Development of Forman Malingering Scale


  • Shaza Azam MS Scholar, Department of Psychology, Forman Christian College (A Chartered University), Lahore, Pakistan.
  • Abia Nazim Associate Professor, Department of Psychology, Forman Christian College (A Chartered University), Lahore, Pakistan.



Forensic Psychology, Malingering, Psychometrics, Scale Development


The aim of the present study was to develop a valid and reliable scale to assess malingering. The scale was developed using one of the contemporary models of scale construction. The study was completed in three phases. Item generation was phase I, which was completed in two steps; conducting interview of clinical psychologists having experience with both clinical and forensic clients, and step two was extracting items from existing scales after a thorough review. Initially item pool was reviewed by researcher for initial cleansing. Content validity was established in the second phase of the study through content validity ratio (CVR). In phase III of the study, the scale was administered on clinical and forensic sample using purposive sampling technique. The scale along with demographic questionnaire was administered on clinical (N=123) and forensic (N=19) sample. The mean age of the 142 participants was 32.7 (10.9) years. The construct validity of the scale was established through exploratory factor analysis (EFA) which resulted in 37 items distributed in three factors. Factor one was named as Perceptual Inconsistency and reliability established through Cronbach’s alpha was 0.93. Factor 2 was named as Imagined Inconsistency and reliability calculated to be 0.95. Factor 3 was named Cognitive Inconsistency. The internal consistency of the scale showed the reliability 0.97.

Author Biography

Abia Nazim, Associate Professor, Department of Psychology, Forman Christian College (A Chartered University), Lahore, Pakistan.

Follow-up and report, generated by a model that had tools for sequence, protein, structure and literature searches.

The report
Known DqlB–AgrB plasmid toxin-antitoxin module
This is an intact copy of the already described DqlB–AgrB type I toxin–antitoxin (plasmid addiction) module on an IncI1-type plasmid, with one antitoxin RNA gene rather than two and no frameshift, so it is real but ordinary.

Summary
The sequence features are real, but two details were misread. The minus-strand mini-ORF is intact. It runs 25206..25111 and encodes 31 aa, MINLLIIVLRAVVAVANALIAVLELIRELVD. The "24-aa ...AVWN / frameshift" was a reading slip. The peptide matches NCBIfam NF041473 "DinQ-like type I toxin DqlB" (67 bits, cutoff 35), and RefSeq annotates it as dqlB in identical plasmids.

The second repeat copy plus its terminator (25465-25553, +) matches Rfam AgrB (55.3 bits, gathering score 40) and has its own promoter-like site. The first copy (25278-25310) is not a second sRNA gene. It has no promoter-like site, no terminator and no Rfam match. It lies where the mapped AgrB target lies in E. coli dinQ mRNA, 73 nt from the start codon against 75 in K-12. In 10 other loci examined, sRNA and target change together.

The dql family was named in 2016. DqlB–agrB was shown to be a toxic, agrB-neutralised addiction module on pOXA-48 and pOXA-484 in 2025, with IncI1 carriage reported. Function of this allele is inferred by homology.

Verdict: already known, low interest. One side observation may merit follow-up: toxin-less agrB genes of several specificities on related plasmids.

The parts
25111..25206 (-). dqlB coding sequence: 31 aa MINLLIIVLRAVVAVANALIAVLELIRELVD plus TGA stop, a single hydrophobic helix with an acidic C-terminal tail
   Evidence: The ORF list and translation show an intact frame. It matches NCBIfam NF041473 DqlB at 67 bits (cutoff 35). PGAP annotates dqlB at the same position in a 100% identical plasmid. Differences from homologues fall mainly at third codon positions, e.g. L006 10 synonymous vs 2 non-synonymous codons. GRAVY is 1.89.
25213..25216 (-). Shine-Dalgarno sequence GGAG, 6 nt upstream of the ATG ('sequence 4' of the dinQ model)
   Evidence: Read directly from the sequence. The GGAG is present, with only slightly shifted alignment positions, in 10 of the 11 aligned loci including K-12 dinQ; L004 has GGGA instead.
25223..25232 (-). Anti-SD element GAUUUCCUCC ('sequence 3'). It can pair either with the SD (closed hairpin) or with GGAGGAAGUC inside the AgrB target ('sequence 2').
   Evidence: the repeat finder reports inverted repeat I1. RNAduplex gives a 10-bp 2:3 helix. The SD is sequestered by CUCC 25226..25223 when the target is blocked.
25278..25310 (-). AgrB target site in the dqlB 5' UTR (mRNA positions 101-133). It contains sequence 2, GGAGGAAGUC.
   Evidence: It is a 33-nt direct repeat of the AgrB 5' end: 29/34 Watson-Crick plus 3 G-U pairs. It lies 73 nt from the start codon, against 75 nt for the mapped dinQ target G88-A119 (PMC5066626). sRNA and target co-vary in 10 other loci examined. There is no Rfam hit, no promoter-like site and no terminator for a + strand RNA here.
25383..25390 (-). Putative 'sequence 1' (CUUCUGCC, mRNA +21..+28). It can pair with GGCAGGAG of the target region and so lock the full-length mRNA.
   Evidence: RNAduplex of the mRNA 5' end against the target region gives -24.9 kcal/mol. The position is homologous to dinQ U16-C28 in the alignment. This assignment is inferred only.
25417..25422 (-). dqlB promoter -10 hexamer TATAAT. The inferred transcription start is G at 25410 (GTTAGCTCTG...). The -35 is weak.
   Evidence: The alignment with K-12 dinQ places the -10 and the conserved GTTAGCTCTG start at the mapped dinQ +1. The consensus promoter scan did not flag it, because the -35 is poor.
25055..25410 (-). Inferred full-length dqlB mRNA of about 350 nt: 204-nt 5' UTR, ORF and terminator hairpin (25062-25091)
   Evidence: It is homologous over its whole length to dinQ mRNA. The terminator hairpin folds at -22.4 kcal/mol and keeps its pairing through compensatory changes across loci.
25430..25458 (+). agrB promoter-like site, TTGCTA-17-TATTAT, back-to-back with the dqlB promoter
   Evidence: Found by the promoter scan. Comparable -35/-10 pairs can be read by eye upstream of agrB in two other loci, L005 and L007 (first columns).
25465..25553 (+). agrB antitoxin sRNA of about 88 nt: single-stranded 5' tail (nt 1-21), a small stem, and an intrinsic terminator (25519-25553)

American Psychiatric Association. (2013). Diagnostic and Statistical Manual of Mental Disorders (5th ed.). Washington, DC: Author.

Duffy, S. (2011). Malingering psychological symptoms: An empirical review. Unpublished master’s thesis). Illinois State University, Normal, IL. Available: http://psychologyillinoisstate. edu/cc/Comps/Duffy.

Field, A. (2018). Discovering Statistics using IBM SPSS Statistics. Sage.

Golanics, J. (2018). Malingering Undetected Successfully: Does Extrinsic Motivation and Coaching Have a Significant Impact? UNLV Theses, Dissertations, Professional Papers, and Capstones. 3361.

Kyriazos, T. A., & Stalikas, A. (2018). Applied psychometrics: the steps of scale development and standardization process. Psychology, 9(11), 2531.

Miller, H. A. (2001). Miller-Forensic Assessment of Symptoms Test (M-FAST): Professional manual. Odessa, FL: Psychological Assessment Resources.

Rogers, R. (Ed.). (2008). Clinical assessment of malingering and deception (4th ed.). Guilford Press.

Rogers, R., & Bender, S. D. (2020). Clinical Assessment of Malingering and Deception, Fourth edition. Guilford Publications.

Rogers, R., Gillis, J. R., Dickens, S. E., & Bagby, R. M. (1991). Standardized assessment of malingering: Validation of the Structured Interview of Reported Symptoms. Psychological Assessment: A Journal of Consulting and Clinical Psychology, 3(1), 89–96.

Ruscio, J. (2015). Rational/Theoretical approach to test construction. The Encyclopedia of Clinical Psychology, 1–5.

Schretlen, D. J. (1986). Malingering: The Use of a Psychological Test Battery to Detect Two Kinds of Simulation (Faking, Bender-Gestalt, Dissimulation, MMPI). [University of Arizona].

Simms, L. J. (2008). Classical and modern methods of psychological scale construction. Social and Personality Psychology Compass, 2(1), 414-433.




How to Cite

Azam, S., & Nazim, A. (2024). Development of Forman Malingering Scale. Journal of Professional & Applied Psychology, 5(2), 315–324.